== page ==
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Intuit to close Edmonton offices as company cuts jobs, invests in AI

TurboTax-parent company Intuit said on Wednesday it will let go of about 1,800 employees, or 10 per cent of its workforce, as it looks to focus on its AI-powered tax preparation software and other financial products.

The company, which has invested heavily in providing generative AI-powered accounting and tax preparation tools for small and medium businesses in the past few years, expects to close two of its sites in Edmonton and Boise, Idaho.

Intuit will rehire 1,800 new people primarily in engineering, product and customer-facing roles, CEO Sasan Goodarzi said in a note to employees.

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The company, whose shares fell 3.6 per cent, did not provide a timeline for the fresh hiring.

“We believe making these changes from a position of strength is the right move and we view the incremental hiring plans post reduction in workforce as a sign that Intuit remains bullish on its growth prospects, especially as it relates to small businesses and Credit Karma,” Evercore ISI analyst Kirk Materne said.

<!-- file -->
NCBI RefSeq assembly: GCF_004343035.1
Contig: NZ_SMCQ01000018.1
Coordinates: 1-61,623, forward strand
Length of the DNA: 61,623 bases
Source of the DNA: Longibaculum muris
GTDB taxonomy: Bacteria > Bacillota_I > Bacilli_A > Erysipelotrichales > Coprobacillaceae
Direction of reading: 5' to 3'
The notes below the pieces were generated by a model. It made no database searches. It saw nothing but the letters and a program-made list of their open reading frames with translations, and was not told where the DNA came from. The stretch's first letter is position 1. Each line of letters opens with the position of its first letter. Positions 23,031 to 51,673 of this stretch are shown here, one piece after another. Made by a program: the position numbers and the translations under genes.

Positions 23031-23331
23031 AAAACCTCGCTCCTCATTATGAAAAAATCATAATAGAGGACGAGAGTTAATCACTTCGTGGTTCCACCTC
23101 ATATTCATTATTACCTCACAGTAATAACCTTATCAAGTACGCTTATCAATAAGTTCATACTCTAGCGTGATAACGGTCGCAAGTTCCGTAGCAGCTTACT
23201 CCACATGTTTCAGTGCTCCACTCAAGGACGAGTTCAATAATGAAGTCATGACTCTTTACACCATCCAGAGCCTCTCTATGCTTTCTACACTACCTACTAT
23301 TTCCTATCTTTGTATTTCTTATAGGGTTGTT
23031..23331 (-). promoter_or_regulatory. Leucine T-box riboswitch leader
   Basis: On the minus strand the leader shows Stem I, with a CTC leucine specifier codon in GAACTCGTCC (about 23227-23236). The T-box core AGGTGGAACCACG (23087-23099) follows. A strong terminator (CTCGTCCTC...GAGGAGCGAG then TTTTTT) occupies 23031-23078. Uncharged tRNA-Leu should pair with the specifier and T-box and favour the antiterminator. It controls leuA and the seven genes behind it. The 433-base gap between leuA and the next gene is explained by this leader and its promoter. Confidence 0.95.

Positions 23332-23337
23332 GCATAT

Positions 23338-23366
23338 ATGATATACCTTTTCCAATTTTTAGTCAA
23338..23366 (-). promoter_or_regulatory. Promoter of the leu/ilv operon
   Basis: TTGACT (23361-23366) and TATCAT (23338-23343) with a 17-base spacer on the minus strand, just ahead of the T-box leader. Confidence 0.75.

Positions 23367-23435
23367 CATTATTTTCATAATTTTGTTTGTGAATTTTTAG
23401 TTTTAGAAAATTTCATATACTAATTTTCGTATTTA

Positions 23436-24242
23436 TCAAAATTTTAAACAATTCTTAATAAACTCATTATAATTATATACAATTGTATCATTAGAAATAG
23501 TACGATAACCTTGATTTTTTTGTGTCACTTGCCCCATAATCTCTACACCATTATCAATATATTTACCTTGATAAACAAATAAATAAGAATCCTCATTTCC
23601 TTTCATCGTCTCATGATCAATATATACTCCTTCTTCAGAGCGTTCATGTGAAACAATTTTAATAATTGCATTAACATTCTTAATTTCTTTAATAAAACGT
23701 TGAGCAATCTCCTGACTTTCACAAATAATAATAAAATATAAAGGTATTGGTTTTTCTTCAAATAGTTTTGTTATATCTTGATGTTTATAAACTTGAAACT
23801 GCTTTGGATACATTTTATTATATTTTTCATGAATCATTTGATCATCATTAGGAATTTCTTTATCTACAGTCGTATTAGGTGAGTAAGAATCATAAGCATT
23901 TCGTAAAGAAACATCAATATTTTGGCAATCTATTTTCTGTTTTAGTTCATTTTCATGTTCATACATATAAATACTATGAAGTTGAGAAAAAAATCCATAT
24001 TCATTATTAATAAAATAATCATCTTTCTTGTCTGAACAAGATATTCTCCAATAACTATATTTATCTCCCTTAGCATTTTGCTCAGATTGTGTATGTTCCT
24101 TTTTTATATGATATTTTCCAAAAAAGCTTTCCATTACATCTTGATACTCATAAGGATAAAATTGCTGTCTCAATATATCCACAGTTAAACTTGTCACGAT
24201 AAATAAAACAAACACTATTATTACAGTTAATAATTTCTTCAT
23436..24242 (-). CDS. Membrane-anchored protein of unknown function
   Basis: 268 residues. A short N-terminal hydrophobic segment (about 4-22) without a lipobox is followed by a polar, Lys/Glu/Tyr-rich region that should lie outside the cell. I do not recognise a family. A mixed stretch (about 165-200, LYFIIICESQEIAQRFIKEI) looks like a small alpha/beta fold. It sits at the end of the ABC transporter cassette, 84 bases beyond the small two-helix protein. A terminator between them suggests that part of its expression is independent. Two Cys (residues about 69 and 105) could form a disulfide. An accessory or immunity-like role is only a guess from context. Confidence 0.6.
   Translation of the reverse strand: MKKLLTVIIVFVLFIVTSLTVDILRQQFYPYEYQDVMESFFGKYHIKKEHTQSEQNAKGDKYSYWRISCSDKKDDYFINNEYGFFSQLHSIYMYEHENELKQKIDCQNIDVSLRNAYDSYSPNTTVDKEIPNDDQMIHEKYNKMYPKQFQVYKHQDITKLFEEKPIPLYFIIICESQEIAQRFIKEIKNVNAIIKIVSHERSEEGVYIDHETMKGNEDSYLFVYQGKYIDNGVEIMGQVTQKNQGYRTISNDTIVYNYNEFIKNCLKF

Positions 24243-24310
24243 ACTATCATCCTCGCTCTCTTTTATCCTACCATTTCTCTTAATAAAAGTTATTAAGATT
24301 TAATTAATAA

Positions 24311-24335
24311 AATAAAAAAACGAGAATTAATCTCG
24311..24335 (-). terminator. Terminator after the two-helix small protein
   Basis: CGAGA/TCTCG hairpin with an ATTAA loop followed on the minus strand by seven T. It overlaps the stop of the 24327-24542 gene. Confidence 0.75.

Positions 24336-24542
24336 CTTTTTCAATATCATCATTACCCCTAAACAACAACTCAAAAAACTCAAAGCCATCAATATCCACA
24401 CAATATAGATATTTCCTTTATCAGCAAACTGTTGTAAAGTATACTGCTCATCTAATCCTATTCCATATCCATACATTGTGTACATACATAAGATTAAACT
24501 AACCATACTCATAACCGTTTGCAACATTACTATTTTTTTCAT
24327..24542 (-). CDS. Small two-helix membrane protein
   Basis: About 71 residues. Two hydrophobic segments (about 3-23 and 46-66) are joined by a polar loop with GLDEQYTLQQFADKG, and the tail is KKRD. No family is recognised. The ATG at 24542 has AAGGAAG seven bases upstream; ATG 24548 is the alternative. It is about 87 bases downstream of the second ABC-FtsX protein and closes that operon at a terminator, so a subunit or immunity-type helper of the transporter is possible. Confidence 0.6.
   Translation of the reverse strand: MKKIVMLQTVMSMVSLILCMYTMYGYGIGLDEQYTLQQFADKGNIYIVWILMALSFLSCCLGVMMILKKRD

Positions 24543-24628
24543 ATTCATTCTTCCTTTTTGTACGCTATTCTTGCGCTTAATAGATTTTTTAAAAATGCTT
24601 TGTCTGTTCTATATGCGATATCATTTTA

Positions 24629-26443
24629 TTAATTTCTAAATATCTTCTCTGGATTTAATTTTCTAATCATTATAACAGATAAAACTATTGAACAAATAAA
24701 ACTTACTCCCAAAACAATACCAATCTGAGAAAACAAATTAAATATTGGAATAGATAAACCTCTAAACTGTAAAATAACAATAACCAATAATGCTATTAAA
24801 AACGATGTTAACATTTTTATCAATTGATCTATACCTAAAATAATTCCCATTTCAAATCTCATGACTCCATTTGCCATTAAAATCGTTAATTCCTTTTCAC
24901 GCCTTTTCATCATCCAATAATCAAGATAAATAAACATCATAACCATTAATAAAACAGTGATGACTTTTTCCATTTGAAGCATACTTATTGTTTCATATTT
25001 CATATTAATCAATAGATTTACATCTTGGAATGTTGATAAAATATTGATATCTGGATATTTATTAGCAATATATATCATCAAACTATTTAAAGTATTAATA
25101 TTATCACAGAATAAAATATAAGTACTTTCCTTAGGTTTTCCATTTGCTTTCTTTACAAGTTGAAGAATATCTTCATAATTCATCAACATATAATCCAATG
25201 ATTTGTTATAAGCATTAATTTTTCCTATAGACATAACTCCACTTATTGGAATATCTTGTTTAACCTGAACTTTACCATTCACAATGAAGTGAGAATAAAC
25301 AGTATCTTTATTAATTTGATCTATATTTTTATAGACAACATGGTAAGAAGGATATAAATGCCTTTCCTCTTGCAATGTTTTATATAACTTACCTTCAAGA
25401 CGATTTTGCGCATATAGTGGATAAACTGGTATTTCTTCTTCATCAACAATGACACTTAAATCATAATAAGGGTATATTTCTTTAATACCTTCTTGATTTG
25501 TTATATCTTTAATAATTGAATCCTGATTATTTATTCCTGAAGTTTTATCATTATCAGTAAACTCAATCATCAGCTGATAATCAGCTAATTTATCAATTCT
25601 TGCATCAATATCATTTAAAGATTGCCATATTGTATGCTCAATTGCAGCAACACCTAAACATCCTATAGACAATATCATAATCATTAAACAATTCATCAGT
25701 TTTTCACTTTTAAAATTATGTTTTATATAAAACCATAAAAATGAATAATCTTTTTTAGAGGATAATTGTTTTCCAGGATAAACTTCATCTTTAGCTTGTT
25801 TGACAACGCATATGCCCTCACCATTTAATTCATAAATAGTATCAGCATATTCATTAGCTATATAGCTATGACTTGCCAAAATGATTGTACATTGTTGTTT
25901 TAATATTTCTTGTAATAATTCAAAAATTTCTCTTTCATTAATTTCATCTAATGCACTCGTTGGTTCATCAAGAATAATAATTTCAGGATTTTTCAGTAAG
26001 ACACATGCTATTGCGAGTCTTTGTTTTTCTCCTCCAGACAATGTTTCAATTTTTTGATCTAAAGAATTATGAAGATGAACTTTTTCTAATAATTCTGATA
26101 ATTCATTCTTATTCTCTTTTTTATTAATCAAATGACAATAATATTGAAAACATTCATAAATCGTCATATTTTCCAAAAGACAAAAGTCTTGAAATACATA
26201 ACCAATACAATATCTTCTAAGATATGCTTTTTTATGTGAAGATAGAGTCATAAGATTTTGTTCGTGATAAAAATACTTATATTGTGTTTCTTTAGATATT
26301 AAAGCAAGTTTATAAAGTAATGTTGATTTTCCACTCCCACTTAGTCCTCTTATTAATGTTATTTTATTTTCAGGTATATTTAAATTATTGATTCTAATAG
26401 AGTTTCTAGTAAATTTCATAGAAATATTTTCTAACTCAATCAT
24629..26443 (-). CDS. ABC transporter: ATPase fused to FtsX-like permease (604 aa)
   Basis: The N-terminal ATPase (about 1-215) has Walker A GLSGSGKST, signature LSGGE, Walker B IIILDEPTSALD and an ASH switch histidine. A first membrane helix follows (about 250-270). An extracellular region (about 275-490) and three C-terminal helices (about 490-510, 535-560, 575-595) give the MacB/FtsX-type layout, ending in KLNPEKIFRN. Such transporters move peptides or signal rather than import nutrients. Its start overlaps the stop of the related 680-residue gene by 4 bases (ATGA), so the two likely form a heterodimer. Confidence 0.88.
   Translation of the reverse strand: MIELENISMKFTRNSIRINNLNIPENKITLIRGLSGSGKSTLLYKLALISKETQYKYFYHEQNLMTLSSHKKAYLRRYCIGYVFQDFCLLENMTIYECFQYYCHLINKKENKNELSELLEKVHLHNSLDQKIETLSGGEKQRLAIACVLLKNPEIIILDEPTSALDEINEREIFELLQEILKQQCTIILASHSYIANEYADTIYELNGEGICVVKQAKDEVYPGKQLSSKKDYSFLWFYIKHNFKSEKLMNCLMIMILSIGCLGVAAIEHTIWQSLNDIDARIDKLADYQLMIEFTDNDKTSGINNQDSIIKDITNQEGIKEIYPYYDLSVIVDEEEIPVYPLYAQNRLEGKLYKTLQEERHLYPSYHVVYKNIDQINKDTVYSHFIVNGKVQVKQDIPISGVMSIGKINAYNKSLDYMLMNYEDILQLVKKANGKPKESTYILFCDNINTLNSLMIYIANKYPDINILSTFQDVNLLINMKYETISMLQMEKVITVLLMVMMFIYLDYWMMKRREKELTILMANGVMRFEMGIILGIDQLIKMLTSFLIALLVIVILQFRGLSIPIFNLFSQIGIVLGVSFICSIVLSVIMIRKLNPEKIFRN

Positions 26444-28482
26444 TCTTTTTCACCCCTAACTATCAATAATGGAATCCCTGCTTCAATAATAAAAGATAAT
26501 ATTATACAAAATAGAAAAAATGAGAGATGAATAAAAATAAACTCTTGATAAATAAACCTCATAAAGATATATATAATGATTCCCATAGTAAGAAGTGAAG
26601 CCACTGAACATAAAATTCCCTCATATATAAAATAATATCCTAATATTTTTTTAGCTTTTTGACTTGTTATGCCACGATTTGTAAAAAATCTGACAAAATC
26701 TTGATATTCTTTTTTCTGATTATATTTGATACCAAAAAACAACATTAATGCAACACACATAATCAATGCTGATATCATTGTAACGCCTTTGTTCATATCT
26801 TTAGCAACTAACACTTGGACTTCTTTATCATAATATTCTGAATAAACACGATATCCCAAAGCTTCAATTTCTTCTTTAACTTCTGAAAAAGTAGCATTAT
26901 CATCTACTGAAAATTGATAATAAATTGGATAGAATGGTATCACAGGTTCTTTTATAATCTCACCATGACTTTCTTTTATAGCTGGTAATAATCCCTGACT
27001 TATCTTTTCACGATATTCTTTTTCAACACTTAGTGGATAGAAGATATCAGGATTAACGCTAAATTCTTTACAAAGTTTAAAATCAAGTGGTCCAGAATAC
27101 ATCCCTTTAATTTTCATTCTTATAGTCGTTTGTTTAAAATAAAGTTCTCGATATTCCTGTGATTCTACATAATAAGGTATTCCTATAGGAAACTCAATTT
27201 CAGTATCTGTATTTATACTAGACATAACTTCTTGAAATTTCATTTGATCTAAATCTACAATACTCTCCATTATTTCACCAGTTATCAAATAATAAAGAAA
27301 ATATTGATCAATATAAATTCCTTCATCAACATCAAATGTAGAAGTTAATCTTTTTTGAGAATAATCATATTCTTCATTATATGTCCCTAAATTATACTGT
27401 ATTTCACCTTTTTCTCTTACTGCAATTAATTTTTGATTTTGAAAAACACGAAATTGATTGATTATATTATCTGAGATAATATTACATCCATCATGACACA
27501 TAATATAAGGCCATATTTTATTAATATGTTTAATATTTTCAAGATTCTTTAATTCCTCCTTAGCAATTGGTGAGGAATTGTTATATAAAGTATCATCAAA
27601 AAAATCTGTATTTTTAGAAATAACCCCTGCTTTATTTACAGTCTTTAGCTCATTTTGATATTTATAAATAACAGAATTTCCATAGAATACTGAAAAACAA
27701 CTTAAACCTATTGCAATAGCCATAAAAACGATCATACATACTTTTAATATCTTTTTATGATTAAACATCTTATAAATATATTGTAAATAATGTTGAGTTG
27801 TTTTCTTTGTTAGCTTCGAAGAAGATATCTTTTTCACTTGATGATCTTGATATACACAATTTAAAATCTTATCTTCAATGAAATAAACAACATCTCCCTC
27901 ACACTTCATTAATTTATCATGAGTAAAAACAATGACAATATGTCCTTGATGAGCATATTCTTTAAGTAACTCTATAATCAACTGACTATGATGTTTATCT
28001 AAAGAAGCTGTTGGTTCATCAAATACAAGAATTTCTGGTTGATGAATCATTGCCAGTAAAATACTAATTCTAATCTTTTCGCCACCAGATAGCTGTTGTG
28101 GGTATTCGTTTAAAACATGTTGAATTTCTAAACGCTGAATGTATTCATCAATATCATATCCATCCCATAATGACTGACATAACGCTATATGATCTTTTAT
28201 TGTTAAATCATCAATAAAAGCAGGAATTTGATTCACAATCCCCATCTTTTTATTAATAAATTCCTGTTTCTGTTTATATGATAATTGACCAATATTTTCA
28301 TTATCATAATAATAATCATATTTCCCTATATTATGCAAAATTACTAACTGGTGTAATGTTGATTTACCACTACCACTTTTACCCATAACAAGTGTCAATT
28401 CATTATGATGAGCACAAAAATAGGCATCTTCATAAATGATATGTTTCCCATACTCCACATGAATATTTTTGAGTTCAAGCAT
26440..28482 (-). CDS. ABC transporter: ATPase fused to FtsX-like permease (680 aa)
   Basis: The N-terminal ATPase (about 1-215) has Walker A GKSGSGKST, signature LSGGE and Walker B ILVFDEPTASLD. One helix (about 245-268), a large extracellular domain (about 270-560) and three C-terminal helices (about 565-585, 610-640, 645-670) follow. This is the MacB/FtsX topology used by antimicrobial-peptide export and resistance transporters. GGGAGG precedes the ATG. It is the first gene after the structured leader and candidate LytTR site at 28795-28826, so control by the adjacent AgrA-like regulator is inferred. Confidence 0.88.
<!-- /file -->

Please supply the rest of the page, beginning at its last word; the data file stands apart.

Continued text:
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Intuit, which also makes online accounting software QuickBooks, said it will increase investments in generative AI and plans to expand into new markets, including Canada, the United Kingdom and Australia.

The note added that 300 roles were being eliminated to streamline work, while consolidating 80 technology roles to sites such as Atlanta, Bengaluru, Tel Aviv and others as part of the layoff plan.

The layoffs will cost Intuit between $250 million and $260 million, with substantial amounts of the charge expected to be incurred in the fourth quarter, the company said in a regulatory filing.

Intuit expects to grow headcount in fiscal 2025 and beyond, Goodarzi said.

In May, Intuit reported a rise in third-quarter revenue and increased its annual forecasts, expecting a boost in demand for its AI-integrated products.

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